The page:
A Baxter County Circuit Court jury got it wrong in finding Jonathan Snow guilty of first-degree battery in a child abuse case, according to the attorney representing him.In October 2017, a jury found Snow guilty of both battery and endangering the welfare of a minor charges, stemming from serious injuries inflicted on his then three-week-old son.
In mid-December last year, the Arkansas Court of Appeals, in a 4-2 decision, threw out the battery conviction, but let stand Snows’ endangering the welfare of a minor conviction.
Snow’s attorney, Gary Potts of Monticello, filed a response Tuesday to the Arkansas Attorney General’s effort to reverse the appeals court’s decision to dismiss the conviction on the more serious battery charge.
Pott’s submission was “not timely received,” according to a notation on the electronic appeals court file. It will be up to the court to decide if it will consider the information in the response or proceed with the information the judges already have before them.
Snow was initially sentenced to 35 years on the battery charge and six years on the endangering conviction. The jury recommended, and the court accepted, the sentences for both crimes would run consecutively — meaning Snow faced 41 years in prison.
The attorney general’s office has filed petitions for rehearing and review in both the Arkansas Supreme Court and the court of appeals.
In his filing with both courts Tuesday, Potts wrote the jury in the Snow case “wrongfully based its decision on conjecture and speculation.”
At issue is whether prosecutors presented sufficient circumstantial evidence to allow the jury to reach the conclusions it did in the cases without guessing.
Potts contends the facts in the Snow case support the court of appeals finding that the state’s case rested on circumstantial evidence and conjecture, and the jury was incorrect in finding sufficient evidence had been presented during trial to allow the panel to convict.
In asking for the review and rehearing, lawyers in the attorney general’s office wrote the state had met its burden of proof in the Snow case.
The Baxter County jury did not have to base its decision on speculation and conjecture since prosecutors had presented a sufficient amount of evidence to prove the elements in the case, according to filings by the attorney general’s office.
The appeals court used reasoning in reaching its decision “which departs from the standards for appellant review of challenges to the sufficiency of evidence in a case,” the attorney general’s office contends.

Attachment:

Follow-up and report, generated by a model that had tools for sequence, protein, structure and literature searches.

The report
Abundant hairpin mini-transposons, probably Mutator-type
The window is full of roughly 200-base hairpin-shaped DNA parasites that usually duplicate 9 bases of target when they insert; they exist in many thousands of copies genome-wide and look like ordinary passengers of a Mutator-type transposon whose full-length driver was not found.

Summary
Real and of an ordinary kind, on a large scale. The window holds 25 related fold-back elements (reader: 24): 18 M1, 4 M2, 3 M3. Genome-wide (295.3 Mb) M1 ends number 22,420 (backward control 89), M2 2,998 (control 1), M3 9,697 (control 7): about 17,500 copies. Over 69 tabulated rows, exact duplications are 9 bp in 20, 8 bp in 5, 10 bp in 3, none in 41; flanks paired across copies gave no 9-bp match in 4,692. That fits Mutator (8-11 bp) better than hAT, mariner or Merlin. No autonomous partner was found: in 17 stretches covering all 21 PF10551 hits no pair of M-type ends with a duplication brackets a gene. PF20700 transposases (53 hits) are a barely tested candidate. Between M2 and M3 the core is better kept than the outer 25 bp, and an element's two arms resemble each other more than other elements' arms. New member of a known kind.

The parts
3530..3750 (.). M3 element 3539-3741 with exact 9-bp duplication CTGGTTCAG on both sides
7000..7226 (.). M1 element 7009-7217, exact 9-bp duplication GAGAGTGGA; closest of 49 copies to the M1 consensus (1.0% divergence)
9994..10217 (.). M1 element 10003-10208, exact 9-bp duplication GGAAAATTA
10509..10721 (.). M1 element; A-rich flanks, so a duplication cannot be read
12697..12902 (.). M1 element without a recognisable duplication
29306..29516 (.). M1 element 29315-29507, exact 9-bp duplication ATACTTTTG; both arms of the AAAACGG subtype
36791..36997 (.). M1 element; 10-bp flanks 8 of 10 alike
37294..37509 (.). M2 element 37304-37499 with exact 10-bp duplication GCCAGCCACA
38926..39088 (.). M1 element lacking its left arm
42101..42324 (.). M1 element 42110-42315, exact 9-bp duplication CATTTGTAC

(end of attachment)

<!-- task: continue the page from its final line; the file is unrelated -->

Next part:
Potts says the state had failed to exclude the “reasonable hypothesis” the mother of the infant, Alyssia Kirby-Snow, was actually the single guilty party.
In early February last year, a Baxter County Circuit Court jury found Kirby-Snow not guilty of first-degree battery, but guilty of permitting child abuse and endangering the welfare of a minor. She was sentenced to 26 years in prison and assessed a $13,000 fine. She has indicated she would join her husband and appeal her convictions, but court records show she has apparently not made much progress in that direction.
Charges against the couple resulted from an investigation launched in late February 2016 when Mountain Home police received a report from Arkansas Children’s Hospital in Little Rock that it was believed the couple’s baby son, Alyas Snow, had suffered serious abuse.
When the baby was born, the couple lived together in an apartment complex on State Highway 201 North. They were married in early October 2016. At the time of the marriage, Snow was 19-years-old and Kirby-Snow was 30-years-old.
During the investigation, Jonathan Snow and Alyssia Kirby-Snow said they were the only ones responsible for the care of the infant.
In its initial ruling throwing out the battery conviction, the appeals court wrote the fact they were the only ones to care for the infant, “does not indicate the guilt of one parent and not the other.”
In the initial appeal of his client’s convictions, Snow’s lawyer wrote there were no witnesses to any alleged criminal actions on Snow’s part and none of the state’s witnesses testifying at trial could say who actually caused the extensive injuries to the infant.
In his dissenting opinion, Judge Mike Murphy of the appeals court said the court was not in a position to “reweigh the evidence or assess the credibility of the witnesses.”
The judge said he believed the state had presented enough evidence at trial to allow the jury to reach its decision without relying on guesswork.
Snow is currently an inmate in the Delta Regional unit of the state prison system, and Kirby-Snow is in the Wrightsville Women’s Facility.
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